New Dynamical Tools for Submesoscales Characterization in SWOT Data
(2017) PI: Guillaume Lapeyre
The altimetry mission SWOT will provide Sea Surface Height (SSH) data-sets at unprecedented resolution (10-100km) with a 2D coverage in space. Such a data-set requires development of new diagnostic tools to unveil different dynamical aspects of the mesoscales (horizontal scales around 300km) and submesoscales (around 30km) that can be extracted from the SSH signal.

Ocean Mesoscale, Sub-mesoscale, and Internal Wave Variability and Dynamics
(2017) PI: Roger Samelson
The overall project goals are to assess how oceanic mesoscale, sub-mesoscale, and internal wave signals may be manifest in SWOT measurements and how to use SWOT data to develop new physical insight into these phenomena, and to contribute to addressing the associated challenges posed to the SWOT mission.

OSIRIS: Ocean, Sea-ice and Rain Investigations for SWOT
(2017) PI: Francesco Nencioli
The OSIRIS project brings together the work plans of seven investigators from five UK organizations. The consortium gathers a broad range of UK expertise which will contribute to different aspects of SWOT research priorities for oceanography and cryosphere.

Participation in the SWOT Science Team: Marine Geophysics
(2017) PI: David Sandwell
One of the secondary objectives of the SWOT mission is marine geophysics. The current accuracy of the ocean surface slope derived from traditional altimetry is about 2 microradians at 13 km wavelength, which is equivalent to 2 milligals of accuracy. SWOT, with its smaller footprint and additional cross-track slope measurement, could improve the gravity accuracy by perhaps an order of magnitude and also improve spatial resolution especially on the shallow continental margins.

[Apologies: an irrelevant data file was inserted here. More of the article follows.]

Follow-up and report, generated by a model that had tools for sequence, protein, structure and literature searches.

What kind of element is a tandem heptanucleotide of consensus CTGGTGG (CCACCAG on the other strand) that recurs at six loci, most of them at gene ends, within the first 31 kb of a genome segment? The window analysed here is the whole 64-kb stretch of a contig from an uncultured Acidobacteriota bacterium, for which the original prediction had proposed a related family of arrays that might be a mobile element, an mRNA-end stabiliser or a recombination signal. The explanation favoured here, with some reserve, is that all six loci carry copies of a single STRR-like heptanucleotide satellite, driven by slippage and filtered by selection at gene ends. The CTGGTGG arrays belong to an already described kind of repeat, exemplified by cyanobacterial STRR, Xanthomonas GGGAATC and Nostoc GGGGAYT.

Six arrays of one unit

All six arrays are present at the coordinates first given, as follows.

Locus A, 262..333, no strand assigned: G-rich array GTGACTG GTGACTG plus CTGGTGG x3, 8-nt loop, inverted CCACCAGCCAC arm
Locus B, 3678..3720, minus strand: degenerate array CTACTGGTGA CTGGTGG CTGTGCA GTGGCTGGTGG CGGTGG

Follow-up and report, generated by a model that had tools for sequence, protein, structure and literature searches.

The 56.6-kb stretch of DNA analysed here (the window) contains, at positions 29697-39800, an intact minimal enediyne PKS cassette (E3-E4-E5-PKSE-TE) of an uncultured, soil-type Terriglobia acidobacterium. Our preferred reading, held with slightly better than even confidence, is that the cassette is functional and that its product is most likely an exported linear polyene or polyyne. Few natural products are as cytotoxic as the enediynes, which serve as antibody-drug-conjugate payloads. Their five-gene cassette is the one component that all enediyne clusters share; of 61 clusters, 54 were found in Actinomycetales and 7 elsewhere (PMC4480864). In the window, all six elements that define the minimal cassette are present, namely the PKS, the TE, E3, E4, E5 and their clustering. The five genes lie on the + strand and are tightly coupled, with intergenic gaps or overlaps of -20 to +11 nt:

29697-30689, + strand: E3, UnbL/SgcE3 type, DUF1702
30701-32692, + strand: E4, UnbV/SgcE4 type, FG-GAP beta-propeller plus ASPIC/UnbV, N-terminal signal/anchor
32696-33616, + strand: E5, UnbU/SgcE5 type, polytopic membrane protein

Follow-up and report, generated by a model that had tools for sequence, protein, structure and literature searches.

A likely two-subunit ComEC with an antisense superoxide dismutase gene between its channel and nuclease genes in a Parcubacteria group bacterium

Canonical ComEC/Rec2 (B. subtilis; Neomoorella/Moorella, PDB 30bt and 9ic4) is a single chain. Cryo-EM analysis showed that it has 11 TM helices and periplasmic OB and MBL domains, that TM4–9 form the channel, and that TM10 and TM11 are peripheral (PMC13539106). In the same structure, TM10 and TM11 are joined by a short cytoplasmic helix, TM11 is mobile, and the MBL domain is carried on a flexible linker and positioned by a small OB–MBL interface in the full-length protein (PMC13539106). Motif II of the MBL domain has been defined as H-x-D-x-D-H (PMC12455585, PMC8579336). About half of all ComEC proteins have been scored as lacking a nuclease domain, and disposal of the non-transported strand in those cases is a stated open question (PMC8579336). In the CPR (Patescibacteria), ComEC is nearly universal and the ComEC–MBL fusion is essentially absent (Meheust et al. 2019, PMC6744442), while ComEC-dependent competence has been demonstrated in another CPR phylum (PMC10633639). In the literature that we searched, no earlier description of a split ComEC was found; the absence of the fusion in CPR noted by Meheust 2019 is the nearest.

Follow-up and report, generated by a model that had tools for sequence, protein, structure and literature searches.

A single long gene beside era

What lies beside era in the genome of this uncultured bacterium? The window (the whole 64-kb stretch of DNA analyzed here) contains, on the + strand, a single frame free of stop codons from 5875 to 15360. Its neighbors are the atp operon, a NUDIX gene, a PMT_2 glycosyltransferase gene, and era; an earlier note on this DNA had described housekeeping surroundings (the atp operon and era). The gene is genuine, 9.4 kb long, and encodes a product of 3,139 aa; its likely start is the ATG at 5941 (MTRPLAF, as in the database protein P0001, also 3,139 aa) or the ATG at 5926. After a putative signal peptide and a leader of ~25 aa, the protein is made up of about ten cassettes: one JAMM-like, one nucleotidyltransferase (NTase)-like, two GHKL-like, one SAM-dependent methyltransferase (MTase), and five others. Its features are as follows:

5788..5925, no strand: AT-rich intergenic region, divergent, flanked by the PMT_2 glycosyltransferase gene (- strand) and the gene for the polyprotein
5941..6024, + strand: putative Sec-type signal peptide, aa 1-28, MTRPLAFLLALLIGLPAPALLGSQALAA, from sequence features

Research and Development of SWOT Measurements in the Canadian Oceans
(2017) PI: Guoqi Han
The scientific objectives for this proposal are (1) to improve knowledge of coastal currents, mesoscale and submesoscale features, tides, marine winds and waves from existing nadir altimetry data, RADARSAT images, in situ measurements and numerical models in Canadian marine waters, and (2) to improve models for tide, circulation, internal tide and wave, and surface wave and to develop techniques that can effectively integrate simulated SWOT data into these models.

SPAce altimetry for Water and Energy Transfers modeling (SPAWET)
(2017) PI: Catherine Ottlé
The overall objective of the SPAWET project is to improve the characterization and modelling of lakes and groundwater buffering impacts based on the use of future SWOT data. For that purpose, we propose to develop and apply advanced and complementary hydrological models and to explore the potential of SAR altimetry for enhancing their performances. These developments will therefore improve the overall simulation of the hydrological cycle through a better quantification of lake evaporation and groundwater contribution to river discharges.

SWOT and the Ice-Covered Oceans of the Arctic and Antarctic: Sea Surface Height and Sea Ice Freeboard
(2017) PI: Ronald Kwok
This project addresses research opportunities offered by the SWOT mission that pertain to observations of sea surface height and sea ice freeboard/thickness of the ice-covered oceans.

SWOT in the Tropics: A Case Study in the South West Pacific
(2017) PI: Lionel Gourdeau
This proposal aims at federating people from different communities working on climate, turbulence, models and observations in order to investigate how the high-resolution and high-frequency (1-day) measurements of SWOT could be dynamically interpreted and used in the tropics. The ultimate purpose is to propose for the next SWOT call a cal/val experiment based on the results of this proposal.

Transition Scale from Geostrophic Flows to Wave Motions in the World Ocean
(2017) PI: Bo Qiu
The overall goals of our project as part of the SWOT Science Team are, (1) to aid SWOT mission science preparation by evaluating spatio-temporal variability of SSH and surface velocity signals from available repeat ship-board ADCP measurements and high-resolution OGCM output from 1/48° MITgcm (llc 4320), and, (2) to advance our understanding of new upper ocean dynamics at O(5-200km) scales by analyzing high-resolution OGCM output and ADCP data, with the goal to maximize SWOT's scientific return.